After Crawley had become a borough, a new coat of arms, incorporating the old UDC insignia, was granted on 2nd April 1976. It was presented to the council on 24th March 24 1977 by Alderman Robert May. The council's website gives the follwoing explanation:

The shield: The cross signifies the importance of Crawley's position at the junction of the London to Brighton and Horsham to East Grinstead roads. The nine flying martlets are from the traditional arms of the South Saxons, and feature in many civic arms in Sussex. Their gold colour on the blue background gives the Sussex colours, and their number suggests the nine communities which made up the original Crawley New Town. The acorns commemorate the oak forests which once covered so much of North Sussex, and also symbolise strong steady growth.

The crest: The shield is surmounted by the closed helm and oak leaves which are proper in all civic arms, and they are blue and white, the main colours of the arms. The crest on the helm features a palisaded crown which relates to the Crawley Development Corporation's crest and is an emblem of a planned area. The royal lion upon it, brandishing a hammer, symbolises Manor Royal industrial estate.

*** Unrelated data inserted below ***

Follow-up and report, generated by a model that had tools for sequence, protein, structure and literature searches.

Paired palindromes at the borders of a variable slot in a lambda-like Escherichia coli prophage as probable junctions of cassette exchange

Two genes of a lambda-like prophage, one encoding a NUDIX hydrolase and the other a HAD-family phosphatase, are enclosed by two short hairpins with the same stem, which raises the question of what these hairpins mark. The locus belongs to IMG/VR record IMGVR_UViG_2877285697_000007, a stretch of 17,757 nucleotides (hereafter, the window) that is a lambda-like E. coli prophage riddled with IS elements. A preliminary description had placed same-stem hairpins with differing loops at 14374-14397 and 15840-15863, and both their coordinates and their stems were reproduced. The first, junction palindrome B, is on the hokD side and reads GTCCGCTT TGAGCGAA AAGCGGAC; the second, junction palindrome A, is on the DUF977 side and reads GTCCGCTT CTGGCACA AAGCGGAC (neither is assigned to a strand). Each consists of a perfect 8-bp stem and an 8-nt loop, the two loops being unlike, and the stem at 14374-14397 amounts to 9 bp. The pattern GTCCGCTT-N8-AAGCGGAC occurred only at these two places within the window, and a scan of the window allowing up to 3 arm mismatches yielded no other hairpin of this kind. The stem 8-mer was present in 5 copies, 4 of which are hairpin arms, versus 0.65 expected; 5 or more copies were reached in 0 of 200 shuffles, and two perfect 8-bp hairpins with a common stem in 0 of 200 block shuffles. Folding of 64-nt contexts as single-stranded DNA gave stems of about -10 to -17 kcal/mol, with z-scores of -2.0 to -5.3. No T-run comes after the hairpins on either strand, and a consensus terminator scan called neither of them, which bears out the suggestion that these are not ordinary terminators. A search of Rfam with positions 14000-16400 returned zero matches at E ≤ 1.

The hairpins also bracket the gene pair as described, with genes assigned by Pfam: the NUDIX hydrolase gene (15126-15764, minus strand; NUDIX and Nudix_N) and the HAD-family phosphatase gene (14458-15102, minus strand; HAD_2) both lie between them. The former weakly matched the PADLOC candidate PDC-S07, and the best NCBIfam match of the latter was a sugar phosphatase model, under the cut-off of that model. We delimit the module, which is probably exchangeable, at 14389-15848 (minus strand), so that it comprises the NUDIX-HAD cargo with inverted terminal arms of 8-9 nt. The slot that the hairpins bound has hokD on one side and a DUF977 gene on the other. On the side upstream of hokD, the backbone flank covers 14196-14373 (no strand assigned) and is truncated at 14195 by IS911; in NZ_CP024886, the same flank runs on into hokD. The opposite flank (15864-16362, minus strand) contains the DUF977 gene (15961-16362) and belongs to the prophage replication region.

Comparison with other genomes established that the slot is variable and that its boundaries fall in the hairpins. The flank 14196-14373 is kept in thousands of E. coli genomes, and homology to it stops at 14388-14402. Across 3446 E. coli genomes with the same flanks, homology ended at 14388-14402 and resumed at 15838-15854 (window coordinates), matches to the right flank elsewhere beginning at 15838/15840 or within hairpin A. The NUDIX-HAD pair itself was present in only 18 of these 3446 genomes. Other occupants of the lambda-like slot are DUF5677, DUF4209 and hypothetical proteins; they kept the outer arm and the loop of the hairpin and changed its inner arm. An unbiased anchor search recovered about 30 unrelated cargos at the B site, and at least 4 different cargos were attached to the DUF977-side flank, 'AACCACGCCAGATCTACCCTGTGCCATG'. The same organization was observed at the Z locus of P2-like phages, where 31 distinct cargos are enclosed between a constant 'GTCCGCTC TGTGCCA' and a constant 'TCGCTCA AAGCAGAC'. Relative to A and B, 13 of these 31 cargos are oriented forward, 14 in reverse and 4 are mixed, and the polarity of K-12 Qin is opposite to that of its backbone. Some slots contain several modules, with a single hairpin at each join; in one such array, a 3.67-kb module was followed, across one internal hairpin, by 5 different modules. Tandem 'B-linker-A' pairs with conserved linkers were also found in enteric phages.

The supporters: The borough of Crawley includes Gatwick, one of the world's largest airports, so the supporters are an eagle on the right of the shield, with its wings raised, and, because Gatwick is a British airport, a winged lion on the left. The silver fretty - the criss-crossed area within the wings - represents Crawley industry, with the silver colour suggesting the steel and aluminium it uses. The two red thunderbolts, held by the lion and the eagle, represent the town's flourishing electrical industry.

The motto: I Grow and I Rejoice is a translation of a phrase from Seneca's Epistulae and refers to the building of a happy, expanding community.

Crawley Council Elections